I know that as soon as I run out of other things to do and start writing the baby will wake up. It’s a law of motherhood.
We’re getting ready for a trip to Maine. That means a two-leg, cross-country flight with an active toddler. I’m a little bit terrified. We’re taking a red eye, which could be better or worse than a daytime flight. Please sleep baby!
Pirat last summer
In Maine, we’re staying with Lee’s parents and taking day trips on Pirat. We might sail overnight once, although gearing up the boat for something like that is a daunting task. Just sailing Pirat with G isn’t something I’ve wrapped my brain around yet. There’s no cockpit enclosure and no lifeline netting. The companionway ladder, his favorite thing on Unbroken Wings, is significantly taller and steeper on Pirat. We’ll have his little climbing harness and lifejacket…but maybe I should order up some netting.
Behind the wheel of the MG
I cannot wait to be someplace green and humid. As I’m sure I’ve said before, the CA monoclimate is not something I enjoy. Oh, and there will be lobster, corn, lots of swimming in the ocean and lakes, ice cream, green lawns, cold drinks, and riding in fast cars down windy forest roads. These are the things I love about New England in the summer.
I can’t believe he’s still asleep. It’s been a good hour and a half, maybe more! Tired baby! He did fall asleep in his bike seat on the way home this morning.
Before we board a plane for Portland, ME, Lee and I are running our first half marathon in Oakland, The Town’s Half Marathon, on Saturday morning. I’m more scared of that than I am of flying with a 15-month-old, mainly because I have a nagging injury that has messed with my last week of training. I’m worried that I won’t even be able to finish the race after limping home from a 5 mile run last week. In any case, Lee and I are going to be some tired parents come Saturday night. Maybe we’ll even get to sleep on the plane!
Calculator salesmen came to our door this morning. Our house is the current base of operations and business address for Lee’s new company. I felt pretty weird escorting a couple of people from Texas Instruments into our garage. I think they were a bit confused too.
Gunnar helping Lee with a project on UW.
Ok, he’s still asleep. Now what?
Clearly I’m having a tough time sticking to my writing plan. Sticking to any plan is difficult nowadays. I’ve been able to check off all my half marathon training runs so far. I keep a toddler from diving off of furniture and eating cardboard every day. We all eat, sleep, and recreate (the necessities of life in this household). That’s about it.
Gunnar and I went on a lovely trip to visit my mom in Seattle. Lets just say that flying with a 14-month-old is significantly harder than flying with Gunnar has been at any other age. It’s a good thing he’s cute!
Gunnar and salmon at the locks.
Seattle was GORGEOUS and it is always wonderful to spend time with my mom. We went to the locks, a museum, and the playground. There was lots of walking and playing in the yard (which has me wishing we had a yard of our own). Gunnar may or may not have said “Kitty” out of love for Jack and Pepper the cats.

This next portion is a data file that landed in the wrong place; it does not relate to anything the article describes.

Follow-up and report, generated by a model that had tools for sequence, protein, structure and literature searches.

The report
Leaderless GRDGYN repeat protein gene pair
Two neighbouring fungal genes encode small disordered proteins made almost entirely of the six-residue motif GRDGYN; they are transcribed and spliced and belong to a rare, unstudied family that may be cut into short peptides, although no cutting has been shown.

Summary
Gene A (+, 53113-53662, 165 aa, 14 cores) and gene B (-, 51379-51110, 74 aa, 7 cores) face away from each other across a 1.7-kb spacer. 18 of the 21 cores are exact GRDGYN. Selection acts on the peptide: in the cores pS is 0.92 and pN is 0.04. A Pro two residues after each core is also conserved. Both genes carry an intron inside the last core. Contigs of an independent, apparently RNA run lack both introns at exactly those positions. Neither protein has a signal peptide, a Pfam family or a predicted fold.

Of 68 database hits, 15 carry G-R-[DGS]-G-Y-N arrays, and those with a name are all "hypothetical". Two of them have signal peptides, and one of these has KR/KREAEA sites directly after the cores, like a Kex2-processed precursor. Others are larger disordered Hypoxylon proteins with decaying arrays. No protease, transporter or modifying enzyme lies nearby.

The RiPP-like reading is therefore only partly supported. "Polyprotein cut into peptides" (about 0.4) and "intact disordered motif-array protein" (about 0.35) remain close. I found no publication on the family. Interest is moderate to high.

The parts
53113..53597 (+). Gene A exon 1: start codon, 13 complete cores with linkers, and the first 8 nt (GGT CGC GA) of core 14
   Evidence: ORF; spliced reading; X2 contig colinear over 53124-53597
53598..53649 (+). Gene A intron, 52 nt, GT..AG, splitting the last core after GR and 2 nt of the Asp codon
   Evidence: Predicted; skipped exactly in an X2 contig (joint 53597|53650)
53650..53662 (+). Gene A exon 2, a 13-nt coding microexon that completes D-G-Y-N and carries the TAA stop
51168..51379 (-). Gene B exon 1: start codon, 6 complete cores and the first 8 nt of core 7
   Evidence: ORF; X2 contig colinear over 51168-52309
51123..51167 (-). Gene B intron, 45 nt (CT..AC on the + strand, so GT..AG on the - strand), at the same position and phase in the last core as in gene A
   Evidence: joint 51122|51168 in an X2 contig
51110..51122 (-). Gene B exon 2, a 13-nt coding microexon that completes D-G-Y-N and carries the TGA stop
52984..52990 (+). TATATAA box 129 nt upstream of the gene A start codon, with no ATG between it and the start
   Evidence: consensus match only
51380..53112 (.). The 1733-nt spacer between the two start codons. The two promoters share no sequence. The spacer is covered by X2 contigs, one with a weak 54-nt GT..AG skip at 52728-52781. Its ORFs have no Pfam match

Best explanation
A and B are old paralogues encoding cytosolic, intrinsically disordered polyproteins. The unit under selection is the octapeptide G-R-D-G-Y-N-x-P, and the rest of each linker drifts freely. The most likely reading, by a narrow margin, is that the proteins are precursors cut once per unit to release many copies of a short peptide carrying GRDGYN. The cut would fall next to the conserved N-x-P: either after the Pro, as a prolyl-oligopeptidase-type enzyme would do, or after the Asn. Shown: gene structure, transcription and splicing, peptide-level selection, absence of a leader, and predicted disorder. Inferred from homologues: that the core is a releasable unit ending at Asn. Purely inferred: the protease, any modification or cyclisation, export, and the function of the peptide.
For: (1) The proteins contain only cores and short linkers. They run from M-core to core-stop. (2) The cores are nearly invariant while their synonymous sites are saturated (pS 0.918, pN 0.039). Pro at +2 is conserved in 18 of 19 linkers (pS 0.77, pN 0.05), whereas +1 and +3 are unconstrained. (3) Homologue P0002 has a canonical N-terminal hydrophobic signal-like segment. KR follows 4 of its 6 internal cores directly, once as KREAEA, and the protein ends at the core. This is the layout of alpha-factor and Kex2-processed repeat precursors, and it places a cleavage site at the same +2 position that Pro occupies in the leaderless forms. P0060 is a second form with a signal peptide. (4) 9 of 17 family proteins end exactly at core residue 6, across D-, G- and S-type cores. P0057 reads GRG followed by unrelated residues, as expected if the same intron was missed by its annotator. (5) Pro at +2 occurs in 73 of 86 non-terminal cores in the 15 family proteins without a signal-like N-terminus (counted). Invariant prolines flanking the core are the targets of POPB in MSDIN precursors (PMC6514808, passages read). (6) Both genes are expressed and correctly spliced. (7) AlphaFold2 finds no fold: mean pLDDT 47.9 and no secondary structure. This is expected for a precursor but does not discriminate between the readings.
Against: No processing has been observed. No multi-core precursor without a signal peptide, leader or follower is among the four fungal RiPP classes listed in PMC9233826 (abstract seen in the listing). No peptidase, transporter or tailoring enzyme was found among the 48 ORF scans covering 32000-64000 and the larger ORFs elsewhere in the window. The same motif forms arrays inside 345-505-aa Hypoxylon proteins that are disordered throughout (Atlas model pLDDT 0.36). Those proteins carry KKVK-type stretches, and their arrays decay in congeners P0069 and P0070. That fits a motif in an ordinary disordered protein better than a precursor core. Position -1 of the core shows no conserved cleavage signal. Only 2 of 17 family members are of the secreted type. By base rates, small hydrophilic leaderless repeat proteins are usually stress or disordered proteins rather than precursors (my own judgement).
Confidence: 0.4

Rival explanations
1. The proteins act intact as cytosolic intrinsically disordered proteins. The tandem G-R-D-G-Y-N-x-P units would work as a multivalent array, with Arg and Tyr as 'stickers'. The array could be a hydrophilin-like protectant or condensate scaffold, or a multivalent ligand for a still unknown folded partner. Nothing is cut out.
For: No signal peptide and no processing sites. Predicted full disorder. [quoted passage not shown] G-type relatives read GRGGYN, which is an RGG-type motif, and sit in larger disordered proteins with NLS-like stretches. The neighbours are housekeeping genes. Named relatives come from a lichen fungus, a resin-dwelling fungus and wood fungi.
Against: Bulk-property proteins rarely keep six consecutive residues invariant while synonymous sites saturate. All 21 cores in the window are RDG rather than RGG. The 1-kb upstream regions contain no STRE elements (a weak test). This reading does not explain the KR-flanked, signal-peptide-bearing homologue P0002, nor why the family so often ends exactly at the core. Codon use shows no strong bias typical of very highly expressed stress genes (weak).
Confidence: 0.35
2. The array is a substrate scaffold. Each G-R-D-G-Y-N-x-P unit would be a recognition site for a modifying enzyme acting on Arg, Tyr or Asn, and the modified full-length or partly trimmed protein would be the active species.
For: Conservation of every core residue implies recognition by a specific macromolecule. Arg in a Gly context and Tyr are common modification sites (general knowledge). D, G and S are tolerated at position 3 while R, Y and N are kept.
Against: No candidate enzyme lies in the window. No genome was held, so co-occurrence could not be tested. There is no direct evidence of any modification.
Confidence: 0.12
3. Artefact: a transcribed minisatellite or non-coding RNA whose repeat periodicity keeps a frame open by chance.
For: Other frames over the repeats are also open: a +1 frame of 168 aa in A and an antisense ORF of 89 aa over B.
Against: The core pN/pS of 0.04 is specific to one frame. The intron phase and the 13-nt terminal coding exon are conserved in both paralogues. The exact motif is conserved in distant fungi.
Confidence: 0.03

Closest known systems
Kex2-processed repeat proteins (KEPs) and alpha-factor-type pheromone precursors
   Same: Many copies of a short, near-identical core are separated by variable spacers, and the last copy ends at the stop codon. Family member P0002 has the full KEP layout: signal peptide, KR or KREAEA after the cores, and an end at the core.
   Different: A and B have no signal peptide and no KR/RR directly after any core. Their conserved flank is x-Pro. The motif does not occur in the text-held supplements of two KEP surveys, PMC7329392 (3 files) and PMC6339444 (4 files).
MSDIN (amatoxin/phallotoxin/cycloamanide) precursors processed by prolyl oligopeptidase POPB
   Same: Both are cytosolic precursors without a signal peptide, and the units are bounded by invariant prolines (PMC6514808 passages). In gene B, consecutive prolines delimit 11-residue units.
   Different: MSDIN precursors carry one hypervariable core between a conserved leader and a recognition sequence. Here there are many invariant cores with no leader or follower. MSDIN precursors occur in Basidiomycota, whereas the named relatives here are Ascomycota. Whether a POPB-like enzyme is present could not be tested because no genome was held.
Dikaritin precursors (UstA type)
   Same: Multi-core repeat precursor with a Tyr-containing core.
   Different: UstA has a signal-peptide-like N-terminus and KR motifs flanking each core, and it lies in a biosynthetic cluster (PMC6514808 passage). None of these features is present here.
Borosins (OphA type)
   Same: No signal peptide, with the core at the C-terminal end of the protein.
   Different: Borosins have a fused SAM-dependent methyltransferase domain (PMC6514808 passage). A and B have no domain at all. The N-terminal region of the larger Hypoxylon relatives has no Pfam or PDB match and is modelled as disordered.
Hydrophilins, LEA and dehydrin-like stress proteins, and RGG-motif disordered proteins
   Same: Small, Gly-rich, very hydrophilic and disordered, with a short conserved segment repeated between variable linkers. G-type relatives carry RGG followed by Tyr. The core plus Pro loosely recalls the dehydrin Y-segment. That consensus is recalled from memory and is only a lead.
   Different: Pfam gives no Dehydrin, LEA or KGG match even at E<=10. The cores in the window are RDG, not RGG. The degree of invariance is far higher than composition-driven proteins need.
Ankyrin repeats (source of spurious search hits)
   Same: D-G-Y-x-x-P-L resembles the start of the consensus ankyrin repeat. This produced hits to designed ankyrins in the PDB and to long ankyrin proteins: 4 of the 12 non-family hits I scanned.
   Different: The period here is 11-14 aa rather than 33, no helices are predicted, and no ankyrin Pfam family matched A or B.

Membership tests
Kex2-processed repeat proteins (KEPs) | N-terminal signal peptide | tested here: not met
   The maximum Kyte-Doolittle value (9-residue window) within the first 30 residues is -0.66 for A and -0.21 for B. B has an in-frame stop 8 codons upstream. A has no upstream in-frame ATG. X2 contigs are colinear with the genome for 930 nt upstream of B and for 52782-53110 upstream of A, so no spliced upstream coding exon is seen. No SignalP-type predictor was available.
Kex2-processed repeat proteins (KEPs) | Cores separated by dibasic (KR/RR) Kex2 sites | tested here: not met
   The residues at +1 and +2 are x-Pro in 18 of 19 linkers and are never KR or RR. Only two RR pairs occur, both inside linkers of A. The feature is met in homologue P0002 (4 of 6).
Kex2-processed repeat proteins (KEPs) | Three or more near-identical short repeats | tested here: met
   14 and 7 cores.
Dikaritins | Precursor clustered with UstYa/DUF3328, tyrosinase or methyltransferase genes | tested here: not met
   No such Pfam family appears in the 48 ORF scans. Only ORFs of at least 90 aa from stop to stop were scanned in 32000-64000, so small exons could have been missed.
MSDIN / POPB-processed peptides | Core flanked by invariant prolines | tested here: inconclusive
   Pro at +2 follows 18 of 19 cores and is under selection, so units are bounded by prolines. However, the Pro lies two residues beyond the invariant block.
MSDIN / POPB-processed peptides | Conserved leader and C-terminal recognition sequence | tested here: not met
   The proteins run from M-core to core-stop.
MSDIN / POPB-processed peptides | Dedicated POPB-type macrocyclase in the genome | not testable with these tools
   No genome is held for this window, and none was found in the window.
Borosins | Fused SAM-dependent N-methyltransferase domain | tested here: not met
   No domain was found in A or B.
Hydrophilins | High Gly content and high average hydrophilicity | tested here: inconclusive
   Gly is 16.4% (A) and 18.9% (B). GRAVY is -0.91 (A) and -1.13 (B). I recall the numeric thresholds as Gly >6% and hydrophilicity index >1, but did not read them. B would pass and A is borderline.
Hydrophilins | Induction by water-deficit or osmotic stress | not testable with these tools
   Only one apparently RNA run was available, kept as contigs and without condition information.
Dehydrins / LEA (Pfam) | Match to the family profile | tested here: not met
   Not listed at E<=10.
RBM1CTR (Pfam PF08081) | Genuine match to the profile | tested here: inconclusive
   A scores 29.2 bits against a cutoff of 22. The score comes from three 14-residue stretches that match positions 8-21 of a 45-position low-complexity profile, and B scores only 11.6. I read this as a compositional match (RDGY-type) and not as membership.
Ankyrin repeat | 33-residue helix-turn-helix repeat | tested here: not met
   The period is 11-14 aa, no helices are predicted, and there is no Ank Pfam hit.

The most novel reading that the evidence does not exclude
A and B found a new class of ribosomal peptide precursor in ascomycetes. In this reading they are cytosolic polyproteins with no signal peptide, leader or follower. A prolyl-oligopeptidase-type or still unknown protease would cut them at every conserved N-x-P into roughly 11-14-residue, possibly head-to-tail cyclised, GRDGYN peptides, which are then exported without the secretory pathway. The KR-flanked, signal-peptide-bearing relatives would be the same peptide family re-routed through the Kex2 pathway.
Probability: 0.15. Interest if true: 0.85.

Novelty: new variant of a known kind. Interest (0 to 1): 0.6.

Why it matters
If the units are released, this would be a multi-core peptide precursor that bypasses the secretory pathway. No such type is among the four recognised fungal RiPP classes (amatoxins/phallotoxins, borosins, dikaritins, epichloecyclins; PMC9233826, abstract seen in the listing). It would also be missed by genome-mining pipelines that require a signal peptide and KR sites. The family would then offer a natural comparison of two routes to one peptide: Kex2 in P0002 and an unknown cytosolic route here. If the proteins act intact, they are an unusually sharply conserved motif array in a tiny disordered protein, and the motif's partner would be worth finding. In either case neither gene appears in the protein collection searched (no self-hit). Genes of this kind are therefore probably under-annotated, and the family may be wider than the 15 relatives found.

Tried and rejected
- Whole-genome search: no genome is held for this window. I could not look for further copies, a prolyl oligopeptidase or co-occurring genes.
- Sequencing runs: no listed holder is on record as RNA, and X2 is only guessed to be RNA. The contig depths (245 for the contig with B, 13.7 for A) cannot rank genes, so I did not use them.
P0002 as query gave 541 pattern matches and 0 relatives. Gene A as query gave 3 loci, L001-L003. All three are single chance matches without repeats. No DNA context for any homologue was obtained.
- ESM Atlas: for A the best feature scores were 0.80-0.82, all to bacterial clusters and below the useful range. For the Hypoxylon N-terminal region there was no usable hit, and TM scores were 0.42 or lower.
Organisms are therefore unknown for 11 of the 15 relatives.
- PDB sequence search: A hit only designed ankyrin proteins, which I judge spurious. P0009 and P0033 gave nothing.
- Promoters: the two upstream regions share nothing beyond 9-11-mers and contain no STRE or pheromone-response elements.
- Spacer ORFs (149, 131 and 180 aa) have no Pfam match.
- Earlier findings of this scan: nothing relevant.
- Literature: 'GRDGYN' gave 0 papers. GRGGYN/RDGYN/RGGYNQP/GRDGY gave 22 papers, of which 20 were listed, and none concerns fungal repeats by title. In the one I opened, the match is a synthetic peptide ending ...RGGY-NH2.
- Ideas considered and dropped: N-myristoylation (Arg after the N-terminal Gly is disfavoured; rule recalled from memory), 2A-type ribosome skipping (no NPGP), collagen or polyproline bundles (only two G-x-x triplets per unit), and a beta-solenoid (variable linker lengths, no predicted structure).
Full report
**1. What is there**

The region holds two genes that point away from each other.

I often have a hard time adjusting back to reality after visiting my mom. It feels like being thrown back into adult life after cozying up with a friend who does the dishes and likes to talk about food/books/tv shows/family drama with me. This time around I had an excellent distraction the weekend after I got home! I spent all day Saturday and Sunday at a Wilderness First Aid class at the Berkeley Sports Basement.
The course was really worthwhile. Not only did I learn some valuable, potentially lifesaving skills but I got to spend 8 hours a day as an individual – no baby, no husband, no puttering around the house! I don’t there there’s anything wrong with saying that it was an incredible feeling. I need to take breaks like that more often. Lee claims that as long as I’m taking classes that feed into our outdoor activities he will be on Gunnar duty whenever I want. Of course that means I’m planning to sign up for the Wilderness First Responder class in the spring!
Taking a class with a bunch of people that love the outdoors also has me thinking about a first family backpacking trip. We’ve been camping enough to know the ins and outs of that procedure with an infant/toddler. I think we’re ready to hit the trail! I miss the mountains. I miss the physical challenge and the isolation.
I’m hoping to reenter the blogging world. I’ve tried and failed to do so many times before but something is different this time. I’m home with G and have no career aspirations for the near future but I want (need!) to do something with my brain. Every time I pore over my options, considering various returns to previous careers, I land on writing. Writing is something I know how to do, at least for myself. It’s something I’ve done reasonable well for all of my past jobs and, most importantly, it’s something I enjoy.
The trick here is that as soon as I start blogging I start worrying about whether people will like what I write. I suppose I could just keep a journal and forget publishing my drivel for all the internet to read but I like having the possibility of an audience and a public record, even if no one is reading along for now. I’m going to try to forget about pleasing others and cultivating readers on this blog and just write to document my life.